Q2 What common pitfalls do SMEs have?

NOT INNOVATING is a key problem - this is a must.  More SME’s must innovate; costs have dropped to innovate – even innovating a business model.  For example if you have a chain of hair salons try a new queuing method.

Prioritise your opportunities that are based on relationships - It is risky building your business using your personal contacts; this is tricky as this does not scale. A company grows and grows then hits a wall. This is not business development it is just calling on friends. It is important Asian SMEs build using scalable models.  The CEO has to get out there and build new business.  The problem is thinking if I use all my contacts I am being smart but this ignores scalability – you can’t just take a contract just because it is available. You must focus on scalability.  You have to know also how to say no.

Q3 What strategies have the greatest long term value for shareholders?

There are indeed ten or more strategies. For example a key strategy is to own a niche.  If you really service a niche you are in a good long term position.  Another is network externalities – the value of having that network – the more customers you have the more value is delivered to each customer.  Social network also come in here; the more members you have the more customers you have, it all snowballs

Q4 What differences do you see with SMEs in Asia compared to the rest of the world?

ASIA is heavily relationship driven and internally the decision models are a top down business model. I come from the school of working smart not necessarily just hard. All countries are the same in many ways so I do not see any right or wrong way when comparing say European and Asian companies. Certainly in ASIA decisions get kicked up to the next management level. This can sometime be good sometimes not so good.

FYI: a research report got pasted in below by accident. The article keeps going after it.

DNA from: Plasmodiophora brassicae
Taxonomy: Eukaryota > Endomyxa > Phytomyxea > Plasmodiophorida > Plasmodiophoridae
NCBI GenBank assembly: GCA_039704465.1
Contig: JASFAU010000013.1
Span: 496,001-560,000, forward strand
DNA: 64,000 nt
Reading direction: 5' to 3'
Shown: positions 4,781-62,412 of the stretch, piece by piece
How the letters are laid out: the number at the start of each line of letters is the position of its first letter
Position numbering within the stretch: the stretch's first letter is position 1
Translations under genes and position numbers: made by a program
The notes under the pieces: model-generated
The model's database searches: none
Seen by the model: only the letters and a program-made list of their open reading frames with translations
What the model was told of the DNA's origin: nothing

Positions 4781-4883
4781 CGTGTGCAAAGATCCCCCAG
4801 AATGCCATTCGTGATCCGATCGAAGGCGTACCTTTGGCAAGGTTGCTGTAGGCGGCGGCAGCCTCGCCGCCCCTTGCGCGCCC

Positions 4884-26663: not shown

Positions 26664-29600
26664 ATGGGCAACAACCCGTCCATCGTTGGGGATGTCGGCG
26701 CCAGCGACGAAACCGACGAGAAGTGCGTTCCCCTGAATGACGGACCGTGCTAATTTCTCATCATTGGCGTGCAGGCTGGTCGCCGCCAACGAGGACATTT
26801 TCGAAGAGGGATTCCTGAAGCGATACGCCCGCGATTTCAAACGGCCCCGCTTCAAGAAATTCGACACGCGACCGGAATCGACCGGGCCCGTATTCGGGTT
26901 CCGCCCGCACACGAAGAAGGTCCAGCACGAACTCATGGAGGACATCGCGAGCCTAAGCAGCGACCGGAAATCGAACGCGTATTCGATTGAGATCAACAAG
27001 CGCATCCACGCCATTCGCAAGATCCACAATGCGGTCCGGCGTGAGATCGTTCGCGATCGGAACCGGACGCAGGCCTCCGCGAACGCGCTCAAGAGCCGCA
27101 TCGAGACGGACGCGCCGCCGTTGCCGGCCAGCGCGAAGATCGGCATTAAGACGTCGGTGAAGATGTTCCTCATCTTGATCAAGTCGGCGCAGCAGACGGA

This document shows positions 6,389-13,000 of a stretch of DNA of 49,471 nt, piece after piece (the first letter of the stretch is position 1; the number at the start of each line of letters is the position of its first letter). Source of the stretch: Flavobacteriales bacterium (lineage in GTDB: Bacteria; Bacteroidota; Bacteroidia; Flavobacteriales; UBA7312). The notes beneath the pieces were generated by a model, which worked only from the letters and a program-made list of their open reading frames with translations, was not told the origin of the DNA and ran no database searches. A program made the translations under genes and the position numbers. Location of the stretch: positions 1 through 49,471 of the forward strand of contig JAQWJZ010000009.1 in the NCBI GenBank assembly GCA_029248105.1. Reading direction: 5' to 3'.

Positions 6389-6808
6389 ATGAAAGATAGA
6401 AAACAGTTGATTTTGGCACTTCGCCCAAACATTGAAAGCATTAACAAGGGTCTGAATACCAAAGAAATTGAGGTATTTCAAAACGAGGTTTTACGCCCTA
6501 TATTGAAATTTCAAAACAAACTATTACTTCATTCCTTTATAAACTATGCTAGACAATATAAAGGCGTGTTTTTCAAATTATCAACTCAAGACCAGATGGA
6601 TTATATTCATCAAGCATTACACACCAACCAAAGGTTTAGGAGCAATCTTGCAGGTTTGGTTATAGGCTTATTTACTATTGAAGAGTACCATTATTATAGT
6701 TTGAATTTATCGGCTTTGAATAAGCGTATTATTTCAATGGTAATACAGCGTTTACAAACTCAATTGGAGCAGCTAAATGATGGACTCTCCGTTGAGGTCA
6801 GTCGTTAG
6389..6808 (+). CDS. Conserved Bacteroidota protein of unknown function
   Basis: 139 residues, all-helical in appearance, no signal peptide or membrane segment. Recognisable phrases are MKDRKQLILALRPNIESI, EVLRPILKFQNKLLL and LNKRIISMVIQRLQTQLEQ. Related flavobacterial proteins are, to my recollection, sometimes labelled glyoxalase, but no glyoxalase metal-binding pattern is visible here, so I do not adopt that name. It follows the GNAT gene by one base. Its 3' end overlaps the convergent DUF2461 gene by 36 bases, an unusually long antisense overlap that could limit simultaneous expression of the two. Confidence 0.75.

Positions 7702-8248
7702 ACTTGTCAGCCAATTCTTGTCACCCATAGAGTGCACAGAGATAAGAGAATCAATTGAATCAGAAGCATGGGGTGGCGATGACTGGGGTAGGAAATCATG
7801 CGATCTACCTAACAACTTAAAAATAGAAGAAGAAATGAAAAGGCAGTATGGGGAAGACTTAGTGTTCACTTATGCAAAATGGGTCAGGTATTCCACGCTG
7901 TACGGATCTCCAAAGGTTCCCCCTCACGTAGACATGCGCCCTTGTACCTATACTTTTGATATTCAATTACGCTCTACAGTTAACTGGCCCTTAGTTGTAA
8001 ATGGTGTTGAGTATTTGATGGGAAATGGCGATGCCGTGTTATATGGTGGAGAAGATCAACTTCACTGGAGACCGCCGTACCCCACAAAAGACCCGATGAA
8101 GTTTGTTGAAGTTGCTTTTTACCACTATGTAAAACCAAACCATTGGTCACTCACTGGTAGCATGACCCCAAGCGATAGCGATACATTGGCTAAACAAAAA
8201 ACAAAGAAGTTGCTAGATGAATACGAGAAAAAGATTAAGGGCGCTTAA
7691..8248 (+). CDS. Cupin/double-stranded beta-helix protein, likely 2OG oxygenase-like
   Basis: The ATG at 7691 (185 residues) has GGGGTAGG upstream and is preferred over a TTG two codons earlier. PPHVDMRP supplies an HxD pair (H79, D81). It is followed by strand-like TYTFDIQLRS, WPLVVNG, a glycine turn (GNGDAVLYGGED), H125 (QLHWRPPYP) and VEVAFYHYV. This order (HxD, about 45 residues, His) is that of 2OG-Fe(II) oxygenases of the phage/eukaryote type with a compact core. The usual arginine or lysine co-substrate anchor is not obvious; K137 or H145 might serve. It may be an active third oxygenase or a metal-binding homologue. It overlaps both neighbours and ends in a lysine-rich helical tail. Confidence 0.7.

Business work on the cost plus margin business model.  So pricing can be way under how people value the product.  For example, imagine a coffee shop chain. They charge for the experience, the brand, the location.  Coffee is a cheap product but they realised people are willing to pay for the experience.  I used to be a trade supplier in the merchandising industry.  I tried hard to get the product priced on how much the customer needed us NOT on the cost of the materials and then add a margin. 

Asia businesses are extremely profit driven.  This is excellent. In the US there can be those with huge value but not making a profit. Intangible value but in ASIA this has not yet caught on. If there are more IPOs in ASIA that may change with growth of capital markets

Q5 Are there any less obvious way to spend cash and save cash?

Two things here on this point:  

  1. Reduce churn - The cost of churn gets diluted in your P and L analysis. You must  identify  your cost of churn.  You must make the right investments to reduce this churn.  This strategy pays dividends and should be on-going.  IF you are seeing a lot of customer churn you must address this issue. 
  2. Kill your darling, unless it has other strategic value - Look into your business and see what part of your business is not making money. One can stop the analysis after just  analysing margin but the product may absorb a ton of overheads – if that is the case the area must be closed

These days there are huge opportunities to drive the customer experience.  Invest in innovation - I don’t see enough of this – don’t forget to reward employees - profit sharing.  So build a performance culture and thrive.